My segment of the masterclass offers a reassessment of Galileo’s astronomical pursuits in his earlier, Paduan years: roughly, from 1600 to 1610, with two chronological exceptions related to medieval optics and the cometary debate. The choice of these texts reflects my general project in Bucharest (“Galileo’s People: Mapping Scientific Networks and Reading Practices in Early Modern Italy”) and the consolidation of interests around three areas of inquiry: (a) rhetoric and print culture; (b) the ‘mathematization’ of the language of nature, including the pursuit of secrets and the Venetian culture of expertise; (c) the brokering activity of historical actors in the Mediterranean.

By avoiding the traditionally stark contrast between observation and bookish erudition, I aim instead to align the Sidereus nuncius and its surrounding documents within the view point of humanist paper technology, and to reflect on the book’s epistemic unity almost as a side-effect of the household’s centrality in Peripatetic culture. Indeed, my exposition considers private Venetian or Paduan ‘academies’ under three related aspects: first, as the institutional architecture that enabled the use of laboratories and the transformation of the artisanal body; second, as the anchor of a mobility of mechanical labour and epistolary exchange that ranged from the Aegean Sea to the Polish-Lithuanian commonwealth; and third, as a site of tension between Latin and vernacular, which in turn opens to a new look over the debated question of the transferability of Galileo’s new science.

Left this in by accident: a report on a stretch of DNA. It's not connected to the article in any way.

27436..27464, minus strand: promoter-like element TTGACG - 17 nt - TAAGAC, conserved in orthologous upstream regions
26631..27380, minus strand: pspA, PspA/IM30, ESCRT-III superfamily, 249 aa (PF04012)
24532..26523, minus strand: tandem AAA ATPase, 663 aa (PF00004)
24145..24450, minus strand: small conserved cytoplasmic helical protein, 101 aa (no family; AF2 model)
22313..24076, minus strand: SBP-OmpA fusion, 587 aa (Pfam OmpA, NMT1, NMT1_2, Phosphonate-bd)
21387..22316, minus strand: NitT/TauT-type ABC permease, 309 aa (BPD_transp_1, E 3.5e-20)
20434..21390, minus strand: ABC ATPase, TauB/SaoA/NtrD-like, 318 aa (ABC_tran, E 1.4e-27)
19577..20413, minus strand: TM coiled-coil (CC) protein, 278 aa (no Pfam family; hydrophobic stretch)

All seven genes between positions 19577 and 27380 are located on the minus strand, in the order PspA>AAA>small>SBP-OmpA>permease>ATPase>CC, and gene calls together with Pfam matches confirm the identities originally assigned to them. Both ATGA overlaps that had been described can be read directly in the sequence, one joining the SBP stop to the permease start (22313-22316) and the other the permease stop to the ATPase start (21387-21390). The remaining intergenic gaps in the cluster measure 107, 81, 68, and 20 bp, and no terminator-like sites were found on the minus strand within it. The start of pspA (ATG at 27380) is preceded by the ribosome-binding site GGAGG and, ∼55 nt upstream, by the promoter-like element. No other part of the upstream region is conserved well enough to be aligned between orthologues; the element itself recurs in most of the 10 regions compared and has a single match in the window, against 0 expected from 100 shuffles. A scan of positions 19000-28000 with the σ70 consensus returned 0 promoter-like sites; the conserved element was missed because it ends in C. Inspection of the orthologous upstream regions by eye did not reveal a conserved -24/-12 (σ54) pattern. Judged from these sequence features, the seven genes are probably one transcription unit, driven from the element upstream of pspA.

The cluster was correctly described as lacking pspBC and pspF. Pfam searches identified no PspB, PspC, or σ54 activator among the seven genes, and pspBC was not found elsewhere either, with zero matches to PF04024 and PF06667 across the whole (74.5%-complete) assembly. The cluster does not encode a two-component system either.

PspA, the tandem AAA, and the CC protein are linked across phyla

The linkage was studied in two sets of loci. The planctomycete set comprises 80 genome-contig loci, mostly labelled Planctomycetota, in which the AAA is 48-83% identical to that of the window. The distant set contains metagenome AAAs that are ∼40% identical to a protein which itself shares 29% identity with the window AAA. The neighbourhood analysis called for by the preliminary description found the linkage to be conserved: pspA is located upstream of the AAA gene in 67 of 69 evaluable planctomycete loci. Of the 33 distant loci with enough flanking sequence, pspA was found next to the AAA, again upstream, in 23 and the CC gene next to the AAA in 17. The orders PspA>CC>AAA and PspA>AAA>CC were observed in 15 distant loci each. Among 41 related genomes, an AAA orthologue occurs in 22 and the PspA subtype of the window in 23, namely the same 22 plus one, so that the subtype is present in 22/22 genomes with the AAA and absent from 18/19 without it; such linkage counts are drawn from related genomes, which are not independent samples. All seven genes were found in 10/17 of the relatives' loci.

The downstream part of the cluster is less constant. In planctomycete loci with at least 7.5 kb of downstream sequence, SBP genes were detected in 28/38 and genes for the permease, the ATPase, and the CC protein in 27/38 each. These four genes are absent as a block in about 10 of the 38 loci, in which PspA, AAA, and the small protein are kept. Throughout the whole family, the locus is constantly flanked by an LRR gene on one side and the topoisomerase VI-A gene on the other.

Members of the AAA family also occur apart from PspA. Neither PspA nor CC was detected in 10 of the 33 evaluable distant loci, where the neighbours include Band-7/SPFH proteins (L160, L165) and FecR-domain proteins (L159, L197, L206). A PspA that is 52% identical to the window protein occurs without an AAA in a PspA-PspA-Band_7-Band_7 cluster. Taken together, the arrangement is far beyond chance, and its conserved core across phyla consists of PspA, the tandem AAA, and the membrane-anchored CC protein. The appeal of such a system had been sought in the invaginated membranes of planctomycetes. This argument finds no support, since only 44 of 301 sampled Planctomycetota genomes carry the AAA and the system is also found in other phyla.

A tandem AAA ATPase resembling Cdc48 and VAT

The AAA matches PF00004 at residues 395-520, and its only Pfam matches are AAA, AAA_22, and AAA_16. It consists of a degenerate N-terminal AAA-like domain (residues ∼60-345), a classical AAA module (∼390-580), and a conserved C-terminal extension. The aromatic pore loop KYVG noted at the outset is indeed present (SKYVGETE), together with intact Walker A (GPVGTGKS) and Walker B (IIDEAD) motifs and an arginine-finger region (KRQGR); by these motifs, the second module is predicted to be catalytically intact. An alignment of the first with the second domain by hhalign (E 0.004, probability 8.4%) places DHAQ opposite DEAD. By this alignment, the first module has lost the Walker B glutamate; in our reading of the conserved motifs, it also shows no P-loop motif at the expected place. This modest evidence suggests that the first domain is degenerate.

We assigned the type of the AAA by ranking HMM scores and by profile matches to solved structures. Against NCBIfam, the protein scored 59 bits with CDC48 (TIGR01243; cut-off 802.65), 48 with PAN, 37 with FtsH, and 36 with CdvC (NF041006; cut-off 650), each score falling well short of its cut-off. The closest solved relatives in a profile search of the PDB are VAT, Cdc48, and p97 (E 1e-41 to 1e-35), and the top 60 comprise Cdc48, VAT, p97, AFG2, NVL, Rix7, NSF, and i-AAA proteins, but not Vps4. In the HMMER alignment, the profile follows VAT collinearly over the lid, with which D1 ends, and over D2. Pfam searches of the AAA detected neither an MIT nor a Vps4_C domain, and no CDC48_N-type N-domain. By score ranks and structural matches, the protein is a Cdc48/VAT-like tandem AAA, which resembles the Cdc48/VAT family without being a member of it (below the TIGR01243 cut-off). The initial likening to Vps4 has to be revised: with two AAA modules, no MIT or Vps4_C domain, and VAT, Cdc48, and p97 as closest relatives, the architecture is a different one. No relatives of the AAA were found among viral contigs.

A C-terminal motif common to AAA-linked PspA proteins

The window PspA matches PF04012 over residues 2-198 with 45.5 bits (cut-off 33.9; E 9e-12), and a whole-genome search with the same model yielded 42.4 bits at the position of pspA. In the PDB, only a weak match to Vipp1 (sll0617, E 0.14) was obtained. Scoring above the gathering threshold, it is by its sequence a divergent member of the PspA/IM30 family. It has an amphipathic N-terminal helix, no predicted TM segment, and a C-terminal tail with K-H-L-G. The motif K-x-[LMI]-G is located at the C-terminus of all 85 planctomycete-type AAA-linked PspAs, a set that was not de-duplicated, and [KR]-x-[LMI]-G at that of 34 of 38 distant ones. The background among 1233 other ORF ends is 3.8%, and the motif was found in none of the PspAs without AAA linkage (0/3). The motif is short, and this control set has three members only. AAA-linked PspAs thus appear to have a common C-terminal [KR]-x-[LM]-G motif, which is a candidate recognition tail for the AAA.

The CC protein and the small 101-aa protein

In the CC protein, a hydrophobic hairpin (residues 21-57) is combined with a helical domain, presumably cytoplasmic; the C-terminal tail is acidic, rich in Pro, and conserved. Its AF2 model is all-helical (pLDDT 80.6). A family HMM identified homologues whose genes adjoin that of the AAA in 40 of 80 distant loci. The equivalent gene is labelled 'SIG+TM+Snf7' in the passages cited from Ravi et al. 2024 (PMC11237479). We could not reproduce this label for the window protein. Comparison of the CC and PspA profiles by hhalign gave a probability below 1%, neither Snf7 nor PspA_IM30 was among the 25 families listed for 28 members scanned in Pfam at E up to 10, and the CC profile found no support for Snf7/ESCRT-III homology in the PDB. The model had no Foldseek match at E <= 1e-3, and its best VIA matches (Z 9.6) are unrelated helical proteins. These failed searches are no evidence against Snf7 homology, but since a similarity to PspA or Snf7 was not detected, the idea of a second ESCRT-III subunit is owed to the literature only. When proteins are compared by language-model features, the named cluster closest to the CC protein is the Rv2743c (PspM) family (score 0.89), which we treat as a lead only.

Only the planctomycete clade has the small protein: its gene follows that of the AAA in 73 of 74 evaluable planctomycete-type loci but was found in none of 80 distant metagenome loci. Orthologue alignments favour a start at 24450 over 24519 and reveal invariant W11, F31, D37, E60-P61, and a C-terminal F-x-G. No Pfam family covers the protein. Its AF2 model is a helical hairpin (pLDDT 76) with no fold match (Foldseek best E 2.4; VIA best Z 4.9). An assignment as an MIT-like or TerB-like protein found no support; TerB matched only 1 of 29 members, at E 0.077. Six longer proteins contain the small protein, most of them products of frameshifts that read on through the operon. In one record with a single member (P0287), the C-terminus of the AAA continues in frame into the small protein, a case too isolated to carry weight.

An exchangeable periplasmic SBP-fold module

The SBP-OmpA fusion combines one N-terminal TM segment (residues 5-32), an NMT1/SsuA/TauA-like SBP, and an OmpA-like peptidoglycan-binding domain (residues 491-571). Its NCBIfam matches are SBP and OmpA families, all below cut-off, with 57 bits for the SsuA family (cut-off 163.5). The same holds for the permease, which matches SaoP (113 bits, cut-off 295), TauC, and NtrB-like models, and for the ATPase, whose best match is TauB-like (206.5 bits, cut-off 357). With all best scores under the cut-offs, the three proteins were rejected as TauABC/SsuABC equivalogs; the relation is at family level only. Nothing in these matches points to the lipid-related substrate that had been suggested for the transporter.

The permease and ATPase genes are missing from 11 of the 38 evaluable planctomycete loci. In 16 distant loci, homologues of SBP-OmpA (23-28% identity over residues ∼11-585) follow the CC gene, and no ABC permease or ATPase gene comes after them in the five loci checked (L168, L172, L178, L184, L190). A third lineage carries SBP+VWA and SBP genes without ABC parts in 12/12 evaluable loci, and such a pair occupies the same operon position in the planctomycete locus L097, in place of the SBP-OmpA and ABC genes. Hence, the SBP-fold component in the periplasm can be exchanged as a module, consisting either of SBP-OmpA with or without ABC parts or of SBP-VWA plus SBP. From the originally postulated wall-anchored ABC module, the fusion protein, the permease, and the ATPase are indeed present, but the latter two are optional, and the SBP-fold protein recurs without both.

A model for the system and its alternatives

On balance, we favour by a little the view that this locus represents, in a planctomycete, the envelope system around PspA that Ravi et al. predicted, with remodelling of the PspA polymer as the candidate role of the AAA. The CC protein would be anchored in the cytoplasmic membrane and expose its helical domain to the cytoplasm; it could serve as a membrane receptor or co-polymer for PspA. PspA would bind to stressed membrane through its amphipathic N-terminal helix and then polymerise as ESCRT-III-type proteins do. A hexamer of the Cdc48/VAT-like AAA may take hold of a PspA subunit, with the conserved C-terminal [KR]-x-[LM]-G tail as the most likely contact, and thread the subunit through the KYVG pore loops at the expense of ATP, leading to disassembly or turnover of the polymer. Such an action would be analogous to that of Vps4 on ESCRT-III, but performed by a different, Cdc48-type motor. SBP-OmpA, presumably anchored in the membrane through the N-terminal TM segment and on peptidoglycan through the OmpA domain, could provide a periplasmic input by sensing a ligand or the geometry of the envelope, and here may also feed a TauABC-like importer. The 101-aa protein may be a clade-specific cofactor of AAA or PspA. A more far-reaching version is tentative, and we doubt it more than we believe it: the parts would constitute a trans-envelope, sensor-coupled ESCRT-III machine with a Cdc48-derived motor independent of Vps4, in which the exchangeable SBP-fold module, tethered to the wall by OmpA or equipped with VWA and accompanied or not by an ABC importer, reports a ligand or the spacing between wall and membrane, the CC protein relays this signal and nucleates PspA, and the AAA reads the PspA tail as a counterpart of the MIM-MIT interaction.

My ultimate goal, throughout and beyond the masterclass, is to disarticulate the Sidereus nuncius as the result of collective desiderata and to suggest a way to write a social history of early science in the Veneto, seen at the intersection of two disciplines that rarely talk to one another—namely, natural empiricism and history of collecting.


Texts and documents:

Gian Vincenzo Pinelli, fragments from his papers at the Ambrosiana Library, 1590s: R 121 sup (metal wheels and Turkish Empire), S 105 inf (naval operations), and S 94 sup (Moleti’s mathematical instruments)

Galileo Galilei (pseud.), Dialogue of Cecco de’ Ronchitti (Padua, 1605); trans. S. Drake (Los Angeles 1976)

Galileo Galilei, “Glosses on Petrarch,” based on the edition of the Rime and Trionfi (Basel, 1582), and “Glosses on Ariosto,” ca. 1609

——, “Annotations” to Kepler’s De stella nova in pede Serpentarii (Prague, 1606), now in Florence, Biblioteca Nazionale Centrale, Gal. MS 47

——, Ample selection from Sidereus nuncius (Venice, 1610); trans. A. Van Helden (Chicago, 1989)

Gianfrancesco Sagredo to Galileo, August 24, 1613 (EN, XI: 552-556; Valleriani 2010: 234-237)

Galileo Galilei, “Aesop in Parnassus,” draft in response to the anonymous tract Celestial Assembly Newly Convened in Parnassus about the New Comet (1619); ed. O. Besomi and M. Camerota (Florence, 2000).